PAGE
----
France, 14 Other Countries Urge Mali to Let Danish Forces Stay
Story Code : 975967
In a statement late on Wednesday, the member states of the Takuba Task Force (TTF) said that they deeply regretted the Mali government’s statement that the presence of the Danish contingent in the European task force lacked a proper legal basis.
“They act in full accordance with international and national laws in their support to the Malian armed forces and in their long-standing fight against armed terrorist groups,” the 15 nations said.
The TTF was established in March last year to help Mali and its West African Sahel neighbors, namely Burkina Faso and Niger, combat militants linked to the two Takfiri terrorist groups of Daesh and al-Qaeda, which have occupied swathes of territory in the area where their borders meet.
On Monday, Mali’s government asked Denmark to immediately withdraw its 100 troops, claiming that the Danish contingent in Takuba lacked a proper legal basis and that their arrival had “taken place without its consent.”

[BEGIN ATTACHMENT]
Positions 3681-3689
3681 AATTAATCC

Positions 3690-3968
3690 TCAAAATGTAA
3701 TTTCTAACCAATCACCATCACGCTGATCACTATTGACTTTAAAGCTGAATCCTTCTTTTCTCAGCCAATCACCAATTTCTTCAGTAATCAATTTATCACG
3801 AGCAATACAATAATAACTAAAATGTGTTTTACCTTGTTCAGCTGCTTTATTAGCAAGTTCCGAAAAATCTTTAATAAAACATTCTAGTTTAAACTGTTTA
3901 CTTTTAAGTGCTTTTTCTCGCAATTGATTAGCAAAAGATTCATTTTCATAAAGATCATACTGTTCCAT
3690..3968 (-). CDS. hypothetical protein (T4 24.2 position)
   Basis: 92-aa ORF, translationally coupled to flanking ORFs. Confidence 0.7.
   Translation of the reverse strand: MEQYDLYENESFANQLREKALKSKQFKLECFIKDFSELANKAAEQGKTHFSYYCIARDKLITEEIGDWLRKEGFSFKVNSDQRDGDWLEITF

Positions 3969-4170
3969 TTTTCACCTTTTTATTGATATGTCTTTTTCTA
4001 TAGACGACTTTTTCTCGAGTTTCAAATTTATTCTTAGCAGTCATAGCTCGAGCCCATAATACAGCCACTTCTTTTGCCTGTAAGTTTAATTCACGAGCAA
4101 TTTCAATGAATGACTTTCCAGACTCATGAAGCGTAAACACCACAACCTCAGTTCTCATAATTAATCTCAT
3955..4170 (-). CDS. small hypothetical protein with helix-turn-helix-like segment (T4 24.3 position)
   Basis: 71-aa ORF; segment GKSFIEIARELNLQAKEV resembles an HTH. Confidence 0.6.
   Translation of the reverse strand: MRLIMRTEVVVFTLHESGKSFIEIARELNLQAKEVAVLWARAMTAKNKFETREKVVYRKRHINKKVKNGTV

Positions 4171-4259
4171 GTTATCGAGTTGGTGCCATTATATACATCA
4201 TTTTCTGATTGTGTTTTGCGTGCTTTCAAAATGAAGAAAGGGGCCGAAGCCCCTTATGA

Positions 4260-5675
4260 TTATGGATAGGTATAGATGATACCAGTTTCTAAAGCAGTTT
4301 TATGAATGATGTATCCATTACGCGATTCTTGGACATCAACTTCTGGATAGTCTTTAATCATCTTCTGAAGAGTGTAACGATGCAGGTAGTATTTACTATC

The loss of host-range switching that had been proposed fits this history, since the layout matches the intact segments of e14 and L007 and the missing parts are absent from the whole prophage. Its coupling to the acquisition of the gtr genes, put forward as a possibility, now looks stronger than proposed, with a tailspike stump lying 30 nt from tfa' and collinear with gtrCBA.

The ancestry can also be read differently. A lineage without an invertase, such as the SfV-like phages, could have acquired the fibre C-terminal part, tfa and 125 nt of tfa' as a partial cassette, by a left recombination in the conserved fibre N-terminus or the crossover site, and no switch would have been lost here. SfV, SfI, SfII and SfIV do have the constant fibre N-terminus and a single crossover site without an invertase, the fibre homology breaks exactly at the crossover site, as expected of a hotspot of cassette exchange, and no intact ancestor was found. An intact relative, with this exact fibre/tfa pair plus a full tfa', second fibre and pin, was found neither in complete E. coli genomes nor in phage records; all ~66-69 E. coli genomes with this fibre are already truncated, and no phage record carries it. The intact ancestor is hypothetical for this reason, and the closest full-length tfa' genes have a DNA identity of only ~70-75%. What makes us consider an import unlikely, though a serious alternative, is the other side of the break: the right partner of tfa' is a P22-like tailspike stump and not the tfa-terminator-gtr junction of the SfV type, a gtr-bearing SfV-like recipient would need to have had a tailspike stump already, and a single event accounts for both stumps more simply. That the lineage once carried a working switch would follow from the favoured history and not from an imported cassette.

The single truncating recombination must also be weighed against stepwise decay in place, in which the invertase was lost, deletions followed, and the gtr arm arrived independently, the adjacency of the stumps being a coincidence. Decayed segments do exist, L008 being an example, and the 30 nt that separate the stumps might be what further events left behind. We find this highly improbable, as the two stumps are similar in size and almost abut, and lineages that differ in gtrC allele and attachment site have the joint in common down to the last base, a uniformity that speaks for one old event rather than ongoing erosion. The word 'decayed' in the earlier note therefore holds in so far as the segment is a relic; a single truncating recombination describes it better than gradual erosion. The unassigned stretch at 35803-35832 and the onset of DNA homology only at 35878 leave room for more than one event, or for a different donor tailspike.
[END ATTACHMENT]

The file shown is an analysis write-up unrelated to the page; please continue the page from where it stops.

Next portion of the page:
On Tuesday, Danish Foreign Minister Jeppe Kofod said in response that the troops were there on a “clear invitation.”
“The Danish contribution has been accepted both by the previous Malian government and, on several occasions, by the current transitional government,” he added.
However, the Malian government responded that it was surprised since a decision on a request by Copenhagen in June to deploy soldiers was still pending.
“No accord authorizes the deployment of Danish special forces to the Takuba Task Force,” the Malian government said in a statement, adding that Norway, Portugal, and Hungary were still waiting for approval and had not yet deployed their troops.
Mali has become increasingly engulfed in violence since a Tuareg uprising in 2012 was hijacked by extremist militants, who perpetrated ethnic killings and attacks on government forces and civilians.